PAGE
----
Why investors are not likely to cry out ‘yikes’ over UK debt
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Rishi Sunak has borrowed money faster than any UK chancellor in history. Now he’s worried about his interest bill. “We have so much debt, it doesn't take a lot for suddenly ‘yikes’ — we have to come up with X billion pounds a year to pay for higher interest,” he said at the virtual Conservative party conference this week. This came shortly after speaking of his “sacred responsibility” to balance the government’s books.
But a quick glance at bond markets shows the government’s borrowing costs are a very long way from giving Mr Sunak a scare. Interest rates are negative on bonds up to maturities of six years, meaning investors are willing to pay the UK to borrow for more than half a decade. The Treasury’s debt managers can borrow money for 30 years for less than 0.9 per cent.
The interest rates on bonds where returns are adjusted for inflation paint an even more favourable picture. Investors are swallowing a return of minus 2 per cent on such bonds over the next half century. The very long average maturity of the UK’s debt is a further source of resilience, meaning any rise in yields would take a long time to feed through to the government’s financing costs. The outstanding stock of gilts had an average maturity of nearly 16 years at the start of 2020, far longer than the world’s other major bond markets.
All that suggests a “yikes” moment is, in fact, quite a long way off. Investors, reassured by the Bank of England’s massive bond-buying programme, continue to happily buy UK government bonds at record low yields. Would-be bond vigilantes like Bill Gross — the Pimco founder who in 2010 warned that gilts were “on a bed of nitroglycerine” — are conspicuous by their absence.
“The majority of investors expect yields to stay low for a long time,” said Mike Riddell, a bond fund manager at Allianz Global Investors. “There’s no crisis here.”
Of course, Mr Sunak has to look beyond today’s markets and worry about what might be lurking around the corner. The UK, like all major economies, has run up huge debts during the Covid pandemic. The government’s £221.2bn deficit in the first five months of 2020-21 was 11 times higher than the previous record for the same point in the financial year.
Surely the chancellor is right to suggest that at some point investors will balk at the resulting deluge of bonds and demand higher interest rates? The answer is not necessarily. In fact, those who argue that soaring debt burdens must eventually lead to higher borrowing costs do not have history on their side.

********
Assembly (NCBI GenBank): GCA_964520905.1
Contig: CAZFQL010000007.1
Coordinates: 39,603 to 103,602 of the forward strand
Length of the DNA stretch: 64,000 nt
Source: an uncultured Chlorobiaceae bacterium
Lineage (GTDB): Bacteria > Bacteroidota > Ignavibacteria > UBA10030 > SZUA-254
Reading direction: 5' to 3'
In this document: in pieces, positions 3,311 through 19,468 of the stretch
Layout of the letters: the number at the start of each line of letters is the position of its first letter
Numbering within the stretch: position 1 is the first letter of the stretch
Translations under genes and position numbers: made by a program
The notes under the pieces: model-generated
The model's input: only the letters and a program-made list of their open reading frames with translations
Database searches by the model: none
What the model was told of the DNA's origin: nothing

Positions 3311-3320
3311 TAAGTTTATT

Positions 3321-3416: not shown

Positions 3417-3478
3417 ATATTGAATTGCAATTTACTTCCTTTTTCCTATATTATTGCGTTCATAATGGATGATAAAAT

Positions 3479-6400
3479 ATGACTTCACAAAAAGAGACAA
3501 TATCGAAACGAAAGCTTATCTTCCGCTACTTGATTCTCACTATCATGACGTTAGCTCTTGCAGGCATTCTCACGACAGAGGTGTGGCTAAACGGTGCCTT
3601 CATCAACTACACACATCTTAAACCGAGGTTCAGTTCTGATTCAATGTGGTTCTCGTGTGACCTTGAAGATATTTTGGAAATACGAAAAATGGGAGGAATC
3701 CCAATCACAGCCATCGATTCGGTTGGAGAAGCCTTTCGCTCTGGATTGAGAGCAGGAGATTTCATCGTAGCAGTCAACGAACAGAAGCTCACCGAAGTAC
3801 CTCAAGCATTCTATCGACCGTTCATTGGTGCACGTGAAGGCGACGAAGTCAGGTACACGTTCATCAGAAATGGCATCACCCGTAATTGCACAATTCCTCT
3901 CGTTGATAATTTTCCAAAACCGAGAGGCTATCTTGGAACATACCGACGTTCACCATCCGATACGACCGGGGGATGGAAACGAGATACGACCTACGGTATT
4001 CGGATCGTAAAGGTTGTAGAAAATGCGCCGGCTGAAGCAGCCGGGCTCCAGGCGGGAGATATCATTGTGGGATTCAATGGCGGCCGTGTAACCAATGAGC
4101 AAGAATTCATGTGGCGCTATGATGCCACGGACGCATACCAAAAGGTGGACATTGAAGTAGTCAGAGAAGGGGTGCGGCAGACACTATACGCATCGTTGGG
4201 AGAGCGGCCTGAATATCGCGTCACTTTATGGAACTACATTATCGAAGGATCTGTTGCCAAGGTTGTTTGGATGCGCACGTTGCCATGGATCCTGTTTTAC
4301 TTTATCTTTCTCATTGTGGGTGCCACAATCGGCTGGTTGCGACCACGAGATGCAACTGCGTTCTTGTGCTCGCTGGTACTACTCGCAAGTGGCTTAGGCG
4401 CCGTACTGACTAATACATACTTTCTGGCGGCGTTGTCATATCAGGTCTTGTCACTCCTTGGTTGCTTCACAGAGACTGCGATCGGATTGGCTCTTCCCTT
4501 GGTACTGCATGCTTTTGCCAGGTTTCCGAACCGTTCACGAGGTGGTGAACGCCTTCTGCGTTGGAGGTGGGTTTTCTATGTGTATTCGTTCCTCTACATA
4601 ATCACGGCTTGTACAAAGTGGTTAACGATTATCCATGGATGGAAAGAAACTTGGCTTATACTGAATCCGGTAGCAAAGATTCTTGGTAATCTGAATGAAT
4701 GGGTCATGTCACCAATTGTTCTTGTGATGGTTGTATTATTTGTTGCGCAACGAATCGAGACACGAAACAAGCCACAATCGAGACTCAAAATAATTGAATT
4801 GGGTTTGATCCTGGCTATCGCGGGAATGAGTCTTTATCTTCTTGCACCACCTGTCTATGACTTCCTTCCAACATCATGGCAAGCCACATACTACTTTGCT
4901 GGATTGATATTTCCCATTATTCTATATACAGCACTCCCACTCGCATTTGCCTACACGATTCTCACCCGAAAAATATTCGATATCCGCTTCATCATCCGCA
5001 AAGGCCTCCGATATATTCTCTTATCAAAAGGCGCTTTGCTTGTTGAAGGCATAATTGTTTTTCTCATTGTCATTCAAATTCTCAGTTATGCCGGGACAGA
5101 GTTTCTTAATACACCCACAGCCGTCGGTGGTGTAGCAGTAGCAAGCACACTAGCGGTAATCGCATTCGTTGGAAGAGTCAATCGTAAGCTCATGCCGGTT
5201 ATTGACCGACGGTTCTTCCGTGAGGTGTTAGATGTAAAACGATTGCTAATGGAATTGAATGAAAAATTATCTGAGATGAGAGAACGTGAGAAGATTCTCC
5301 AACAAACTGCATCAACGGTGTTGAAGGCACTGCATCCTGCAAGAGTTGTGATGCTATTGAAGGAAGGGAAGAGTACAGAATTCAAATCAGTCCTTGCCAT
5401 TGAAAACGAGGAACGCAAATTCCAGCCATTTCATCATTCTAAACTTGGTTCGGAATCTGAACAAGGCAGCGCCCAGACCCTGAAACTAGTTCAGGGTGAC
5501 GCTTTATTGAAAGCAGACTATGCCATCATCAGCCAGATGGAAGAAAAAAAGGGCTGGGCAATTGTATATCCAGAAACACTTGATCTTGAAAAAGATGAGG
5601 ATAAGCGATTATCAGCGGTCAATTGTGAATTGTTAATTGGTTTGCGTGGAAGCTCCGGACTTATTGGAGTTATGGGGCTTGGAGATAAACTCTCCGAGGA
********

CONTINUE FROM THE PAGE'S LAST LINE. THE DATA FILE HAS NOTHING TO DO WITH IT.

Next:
All things being equal, an increased supply of bonds should lead to lower prices, which imply higher yields. But, in fact, the exact opposite appears to be true, according to research by Erik Norland, a senior economist at CME Group. Earlier this year, Mr Norland studied correlations in bond markets around the world going back decades and found that greater borrowing was associated with lower bond yields.
“Historically, an increased supply of debt appears, on balance, to increase bond prices,” he wrote.
That is because increases in the supply of government debt are typically accompanied by even larger rises in demand for it. This makes sense, given that borrowing often expands during downturns or crises which blow a hole in government finances. At such times, a central bank will usually cut interest rates, boosting the attractiveness of bonds, and investors will tend to shun risky assets, preferring the safety of government debt.
The global plunge in interest rates as governments ramped up borrowing this year has further validated Mr Norland’s thesis, he says. That would have been unlikely without the intervention of central banks, which have bought vast amounts of bonds as well as slashing rates to zero. The BoE, for example, has already announced £300bn of bond purchases and is widely expected to do more.
That is another reason that bets on higher interest rates are likely to come unstuck: the sheer scale of government borrowing all but forces central banks to keep a lid on bond yields, according to Mr Norland.
“It may be that bond investors willingly absorb the additional debt supply at low yields simply because they perceive that high debt levels will oblige their respective central banks to keep policy rates low for a long time,” he said.
This logic makes Mr Sunak’s determination to balance the budget look oddly timed. Even the IMF this week called on rich countries to worry less about their public debt and boost public investment. There may be good reasons to cut public debt but pressure from markets is not one of them.
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